Chapter OneSection 1 Denying
Denying: to declare untrue, to disclaim connection with
or responsibility for, to refuse to accept.
God never comes through the door that I hold open for
But always knocks at the one place which I have walled
up with concrete.
But if I do not let Him in there,
He turns away altogether.
It's a funny thing about grief-handling it efficiently
doesn't make it go away.
How do I manage a difficulty? Well, at first I try to
walk past it. If that does not help, I try to climb over it;
and when I cannot climb over it, to crawl underneath.
And when that is not possible, I go straight through-God
Corrie ten Boom
Clippings From My Notebook
the Fog to Reality
You can't heal a wound by saying it's not there!
Jeremiah 6:14, tlb
You may encounter some of these feelings when facing the reality of
your loss. At times you may feel as if you're walking on a road through
a dense fog, stumbling through the nothingness that surrounds you,
groping for an escape yet finding none.
Getting fogged in was a common occurrence when we lived in
Oregon. Most mornings I would peer out our family room window
expecting to see fir trees and mountains, only to find they had vanished
Whenever the fog rolled in, I felt out of control, thinking about airport
delays and white-knuckle driving. Over time, though, I learned to
cope with the eerie white vapor and to forge through it-sometimes with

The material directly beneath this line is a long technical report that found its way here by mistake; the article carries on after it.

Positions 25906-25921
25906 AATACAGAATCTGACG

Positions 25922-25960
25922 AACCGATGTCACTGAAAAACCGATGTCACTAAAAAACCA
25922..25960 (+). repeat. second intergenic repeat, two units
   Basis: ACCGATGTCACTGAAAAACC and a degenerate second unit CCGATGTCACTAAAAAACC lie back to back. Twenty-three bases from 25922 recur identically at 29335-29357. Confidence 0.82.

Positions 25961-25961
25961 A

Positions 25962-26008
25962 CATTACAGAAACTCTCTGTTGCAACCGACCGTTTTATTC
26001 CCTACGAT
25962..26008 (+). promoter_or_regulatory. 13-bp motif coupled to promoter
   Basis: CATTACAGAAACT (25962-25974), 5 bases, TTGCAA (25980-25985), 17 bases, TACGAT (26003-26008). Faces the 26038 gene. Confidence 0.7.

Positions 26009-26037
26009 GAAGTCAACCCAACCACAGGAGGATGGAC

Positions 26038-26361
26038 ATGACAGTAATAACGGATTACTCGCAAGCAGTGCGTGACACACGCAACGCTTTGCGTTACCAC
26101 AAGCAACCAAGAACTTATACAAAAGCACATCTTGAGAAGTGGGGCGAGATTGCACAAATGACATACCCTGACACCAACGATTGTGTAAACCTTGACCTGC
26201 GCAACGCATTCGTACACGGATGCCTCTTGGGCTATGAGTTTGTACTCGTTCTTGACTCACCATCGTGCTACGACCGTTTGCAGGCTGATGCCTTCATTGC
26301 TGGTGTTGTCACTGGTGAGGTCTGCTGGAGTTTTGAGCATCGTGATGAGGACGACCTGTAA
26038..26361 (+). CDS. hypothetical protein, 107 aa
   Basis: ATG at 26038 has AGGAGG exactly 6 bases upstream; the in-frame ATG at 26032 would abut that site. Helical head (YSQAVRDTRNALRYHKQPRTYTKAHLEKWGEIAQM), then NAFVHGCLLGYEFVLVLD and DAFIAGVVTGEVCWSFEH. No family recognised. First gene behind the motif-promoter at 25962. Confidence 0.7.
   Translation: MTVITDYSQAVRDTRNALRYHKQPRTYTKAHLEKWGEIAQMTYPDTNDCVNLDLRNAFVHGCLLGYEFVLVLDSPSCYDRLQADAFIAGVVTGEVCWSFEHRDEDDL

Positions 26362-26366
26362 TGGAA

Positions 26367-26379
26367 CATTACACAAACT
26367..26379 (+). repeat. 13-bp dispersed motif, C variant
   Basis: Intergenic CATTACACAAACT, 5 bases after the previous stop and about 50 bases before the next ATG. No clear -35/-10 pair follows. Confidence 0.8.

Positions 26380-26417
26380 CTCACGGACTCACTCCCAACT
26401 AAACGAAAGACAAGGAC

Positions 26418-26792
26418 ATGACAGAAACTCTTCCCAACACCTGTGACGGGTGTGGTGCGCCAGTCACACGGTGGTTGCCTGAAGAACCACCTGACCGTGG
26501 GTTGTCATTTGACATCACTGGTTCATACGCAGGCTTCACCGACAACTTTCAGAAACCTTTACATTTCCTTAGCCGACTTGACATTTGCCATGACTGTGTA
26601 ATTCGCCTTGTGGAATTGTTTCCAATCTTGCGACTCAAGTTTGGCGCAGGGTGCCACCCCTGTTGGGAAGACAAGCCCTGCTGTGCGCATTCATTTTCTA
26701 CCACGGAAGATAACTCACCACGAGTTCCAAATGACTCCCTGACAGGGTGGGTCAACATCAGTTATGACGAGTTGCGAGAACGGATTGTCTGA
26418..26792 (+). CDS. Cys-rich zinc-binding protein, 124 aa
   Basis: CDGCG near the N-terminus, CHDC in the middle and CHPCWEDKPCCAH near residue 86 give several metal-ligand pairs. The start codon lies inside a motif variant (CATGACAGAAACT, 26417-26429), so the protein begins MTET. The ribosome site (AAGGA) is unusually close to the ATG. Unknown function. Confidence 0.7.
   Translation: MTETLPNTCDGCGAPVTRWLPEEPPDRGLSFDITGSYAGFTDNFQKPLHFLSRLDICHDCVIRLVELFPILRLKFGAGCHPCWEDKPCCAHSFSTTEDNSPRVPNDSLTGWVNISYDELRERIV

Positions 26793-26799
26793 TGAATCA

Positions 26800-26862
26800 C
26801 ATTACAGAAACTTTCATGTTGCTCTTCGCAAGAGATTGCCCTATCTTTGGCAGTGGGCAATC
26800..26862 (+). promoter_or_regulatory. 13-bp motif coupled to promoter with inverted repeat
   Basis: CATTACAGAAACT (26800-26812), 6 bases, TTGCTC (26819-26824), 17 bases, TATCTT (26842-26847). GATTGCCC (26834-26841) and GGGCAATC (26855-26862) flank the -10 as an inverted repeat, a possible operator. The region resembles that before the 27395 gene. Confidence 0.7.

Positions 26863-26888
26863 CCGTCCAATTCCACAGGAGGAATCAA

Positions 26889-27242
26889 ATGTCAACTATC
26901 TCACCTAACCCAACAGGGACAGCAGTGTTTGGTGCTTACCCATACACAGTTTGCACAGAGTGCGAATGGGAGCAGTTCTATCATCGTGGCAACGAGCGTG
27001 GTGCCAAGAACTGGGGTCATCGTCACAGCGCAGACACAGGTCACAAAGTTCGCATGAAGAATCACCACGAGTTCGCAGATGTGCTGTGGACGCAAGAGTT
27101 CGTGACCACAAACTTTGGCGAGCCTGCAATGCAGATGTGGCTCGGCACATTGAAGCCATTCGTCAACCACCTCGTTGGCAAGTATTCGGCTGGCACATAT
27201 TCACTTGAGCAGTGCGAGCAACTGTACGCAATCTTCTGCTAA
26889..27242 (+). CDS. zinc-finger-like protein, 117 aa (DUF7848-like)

the help of my car's high beams. I realized the impairment was temporary,
and that gave me hope to endure. By afternoon the fog would lift,
and I could see clearly again.
That's how it is with grief. Our initial shock over a loved one's death
may cause us to deny it or ignore it. We may feel lost, paralyzed, in
limbo, somewhere between reality and a dream.
This can't be happening! you think.
But it is.
I don't want to face it!
But you have to.
Maybe not right this moment. That's okay. But if you want to journey
through grief, you must look beyond the clouds created by denial
and fears. With God's strength and in His timing, the fog will begin to
clear, and you'll be able to see reality again. It may not be what you want
to see, and it may look quite different than before, but it is a necessary
part of your journey through grief.
How are you coping with your loss? When you look out the window
of your circumstance today, what do you see? Are you in the fog, denying
reality? Or is the fog beginning to clear to reveal a new landscape?
Lord, it's so hard to cope with what has happened. I don't want to believe
my loved one is gone. I keep hoping I'll wake up and discover this is only a
dream. I feel so unsure about where I am right now. I can't see what life
should look like. Please help me through this part of the journey. You say
that You will never leave me or forsake me and that You will be a lamp to
my feet. Please be my headlights and lead me through this time of uncertainty
and pain. Amen.
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My Personal Journey